A: I've indicated that diplomacy should be given that opportunity to work, and we have engaged in diplomatic action for quite some time in dealing with Saddam Hussein. As I said before, every dance must have a beginning and an ending, every song has a beginning and ending. How long this will (inaudible) out, is still to be determined. But I would say that we have to have a resolution fairly soon, and I think that he has every opportunity to resolve it very quickly. The timeframe has not been determined in terms of how long the diplomacy will last.

Q: The EISENHOWER battle (inaudible) is scheduled to come back (inaudible). Will they still be returning on schedule and the airmen returning to Langley next week?

A: Well, as far as the EISENHOWER, my hope that they will be returning on schedule. Much will be determined in the next few weeks, whether that can take place, but it is my hope that the EISENHOWER will return. One of the purposes of course of the rotation and the deployment that recently took place, is to relieve the EISENHOWER, and it's my hope that that can take place. We will have to wait and see in the next couple of weeks.

Q: Will the U.S. (inaudible) support over there in Iraq? A: I'm not going to get into any discussion of targets or what the strikes might entail.

Q: They would be significant should they be carried out?

Q: The fact that the inspectors had been pulled out by the U.N. is that symbolic of (inaudible)?

A: I think it's a precautionary move. That it's a wise precaution to take that they should not be in the region. They are not being utilized at present, so they're not serving the function that they are there for. So for their own safety I think it is a wise precaution.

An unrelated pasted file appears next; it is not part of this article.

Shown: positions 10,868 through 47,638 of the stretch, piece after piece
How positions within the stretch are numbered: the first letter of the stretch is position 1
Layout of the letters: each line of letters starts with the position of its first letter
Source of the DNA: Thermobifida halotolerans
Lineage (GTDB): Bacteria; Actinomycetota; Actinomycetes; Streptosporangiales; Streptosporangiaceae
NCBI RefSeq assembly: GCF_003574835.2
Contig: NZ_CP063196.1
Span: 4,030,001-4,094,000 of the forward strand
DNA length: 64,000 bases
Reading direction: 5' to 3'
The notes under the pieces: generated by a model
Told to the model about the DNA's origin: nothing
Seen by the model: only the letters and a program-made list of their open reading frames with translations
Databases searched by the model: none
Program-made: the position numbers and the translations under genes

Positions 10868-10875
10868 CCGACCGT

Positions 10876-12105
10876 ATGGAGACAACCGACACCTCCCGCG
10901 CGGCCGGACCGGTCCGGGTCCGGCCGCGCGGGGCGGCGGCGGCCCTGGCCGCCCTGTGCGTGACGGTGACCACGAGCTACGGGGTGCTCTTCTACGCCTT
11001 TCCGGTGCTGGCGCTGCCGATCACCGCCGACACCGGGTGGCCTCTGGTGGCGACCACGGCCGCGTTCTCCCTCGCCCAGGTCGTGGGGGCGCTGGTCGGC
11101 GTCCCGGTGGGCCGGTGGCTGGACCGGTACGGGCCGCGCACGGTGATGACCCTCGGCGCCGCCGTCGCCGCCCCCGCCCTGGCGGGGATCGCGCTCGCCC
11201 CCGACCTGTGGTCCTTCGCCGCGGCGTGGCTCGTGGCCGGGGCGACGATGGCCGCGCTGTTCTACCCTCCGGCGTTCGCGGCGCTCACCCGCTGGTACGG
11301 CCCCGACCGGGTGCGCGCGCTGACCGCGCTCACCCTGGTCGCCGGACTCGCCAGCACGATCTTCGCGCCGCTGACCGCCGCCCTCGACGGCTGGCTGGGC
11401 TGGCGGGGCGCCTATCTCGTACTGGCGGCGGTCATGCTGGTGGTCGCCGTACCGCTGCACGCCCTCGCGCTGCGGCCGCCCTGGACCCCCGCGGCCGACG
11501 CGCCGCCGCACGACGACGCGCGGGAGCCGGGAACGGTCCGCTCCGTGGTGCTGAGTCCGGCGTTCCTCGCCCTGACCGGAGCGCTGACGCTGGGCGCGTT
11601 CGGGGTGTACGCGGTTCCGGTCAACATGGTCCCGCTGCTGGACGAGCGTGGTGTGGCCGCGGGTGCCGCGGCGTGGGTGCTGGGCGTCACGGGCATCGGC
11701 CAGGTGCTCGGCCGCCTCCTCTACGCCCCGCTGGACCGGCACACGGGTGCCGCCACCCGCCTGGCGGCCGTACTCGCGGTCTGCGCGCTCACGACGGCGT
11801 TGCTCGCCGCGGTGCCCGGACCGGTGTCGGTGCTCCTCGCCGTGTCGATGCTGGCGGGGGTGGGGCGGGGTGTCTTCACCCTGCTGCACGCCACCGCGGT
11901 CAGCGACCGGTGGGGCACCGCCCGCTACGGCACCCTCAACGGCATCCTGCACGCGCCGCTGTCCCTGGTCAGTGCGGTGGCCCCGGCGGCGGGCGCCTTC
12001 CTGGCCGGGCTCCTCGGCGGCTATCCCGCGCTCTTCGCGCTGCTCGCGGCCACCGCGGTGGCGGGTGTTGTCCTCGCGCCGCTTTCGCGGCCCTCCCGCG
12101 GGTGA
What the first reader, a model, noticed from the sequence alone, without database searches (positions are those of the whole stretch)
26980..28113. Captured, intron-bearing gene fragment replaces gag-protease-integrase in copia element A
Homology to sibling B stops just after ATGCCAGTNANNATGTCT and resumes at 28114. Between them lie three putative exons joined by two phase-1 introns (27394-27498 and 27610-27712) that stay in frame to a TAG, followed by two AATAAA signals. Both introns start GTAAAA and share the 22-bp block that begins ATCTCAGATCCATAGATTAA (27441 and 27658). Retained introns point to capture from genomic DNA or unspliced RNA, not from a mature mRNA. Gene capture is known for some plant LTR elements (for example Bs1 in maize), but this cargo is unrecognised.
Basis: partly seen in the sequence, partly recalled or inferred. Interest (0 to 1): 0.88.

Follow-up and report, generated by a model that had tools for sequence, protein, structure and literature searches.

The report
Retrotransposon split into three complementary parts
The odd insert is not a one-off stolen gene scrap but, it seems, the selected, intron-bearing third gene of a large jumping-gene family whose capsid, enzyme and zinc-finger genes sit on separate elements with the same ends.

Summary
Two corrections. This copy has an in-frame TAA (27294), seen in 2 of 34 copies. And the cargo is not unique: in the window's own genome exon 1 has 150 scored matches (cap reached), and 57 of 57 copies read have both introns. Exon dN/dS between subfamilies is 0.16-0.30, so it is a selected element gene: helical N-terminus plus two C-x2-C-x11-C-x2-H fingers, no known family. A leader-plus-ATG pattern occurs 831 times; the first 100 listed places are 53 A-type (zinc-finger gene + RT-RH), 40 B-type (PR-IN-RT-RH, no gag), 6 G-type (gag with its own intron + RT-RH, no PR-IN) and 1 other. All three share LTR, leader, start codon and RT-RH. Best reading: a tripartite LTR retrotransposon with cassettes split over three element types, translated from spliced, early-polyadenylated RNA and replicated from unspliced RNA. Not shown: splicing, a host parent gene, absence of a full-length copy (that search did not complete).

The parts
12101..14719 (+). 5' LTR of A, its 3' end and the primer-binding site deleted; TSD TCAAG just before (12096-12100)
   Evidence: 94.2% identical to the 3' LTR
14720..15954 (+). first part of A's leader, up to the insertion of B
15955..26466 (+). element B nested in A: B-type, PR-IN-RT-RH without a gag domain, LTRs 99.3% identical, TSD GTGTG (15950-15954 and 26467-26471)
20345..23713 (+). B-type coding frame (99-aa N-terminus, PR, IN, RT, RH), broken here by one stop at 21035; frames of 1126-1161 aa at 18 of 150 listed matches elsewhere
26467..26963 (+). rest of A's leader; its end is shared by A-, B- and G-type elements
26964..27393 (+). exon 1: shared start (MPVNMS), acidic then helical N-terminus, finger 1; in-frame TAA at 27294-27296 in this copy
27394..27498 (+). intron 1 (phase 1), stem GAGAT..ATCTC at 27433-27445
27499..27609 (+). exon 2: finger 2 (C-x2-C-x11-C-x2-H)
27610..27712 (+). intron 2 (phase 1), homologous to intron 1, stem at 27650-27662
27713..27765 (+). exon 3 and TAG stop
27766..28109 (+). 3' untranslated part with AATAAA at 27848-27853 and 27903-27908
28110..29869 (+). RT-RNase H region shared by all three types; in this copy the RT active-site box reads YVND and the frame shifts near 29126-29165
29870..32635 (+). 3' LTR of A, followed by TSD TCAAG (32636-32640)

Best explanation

Q: Do you see any evidence that Saddam Hussein has begun to (inaudible) down at all any movement at all?

A: I have not seen anything coming out of Baghdad that would indicate that he is interested in complying with Security Council resolutions.

Q: ...have you seen any movement on Saddam Hussein's in Iraqi (inaudible)?

A: I really wouldn't want to comment on what he is doing or is prepared to do. I think that is something that I wouldn't want to comment on.

Q: How do you ensure that Iraq is not (inaudible) that a power vacuum is not created (inaudible)?

A: We have no intention by design or hope that Iraq would be split up. We think that to maintain the territorial integrity of Iraq continues to be important. We have taken all of that into account in terms of any military options that we have to exercise.

Q: If military action is used, would one of the purposes be to compel a resumption of inspections?

A: We would like to have inspections take place. We would like to have them without the use of military power should it be exercised. We would hope that inspections would continue in the future. There's no guarantee of that. Obviously the sanctions would remain in place.

Q: What's the administration's end game for Iraq?

A: The end game for Iraq is to comply with the Security Council resolutions. That's the way for Saddam to get relief from the sanctions. To the extent that he is not in compliance and will not comply then we have to give considerations the President is doing to exercising other options including the military one. The end game is full compliance with the Security Council resolutions.

Q: Will you wait for the deployment of the troops over there before striking or could it come at any time?

A: I am not going to answer that question about time. But we have in place adequate forces. We will have additional forces underway and the timing of any action will depend upon whether the President decides that diplomacy can no longer be pursued and whether the military options should be exercised. The timing of that will be up to the President.

Press: Thank you.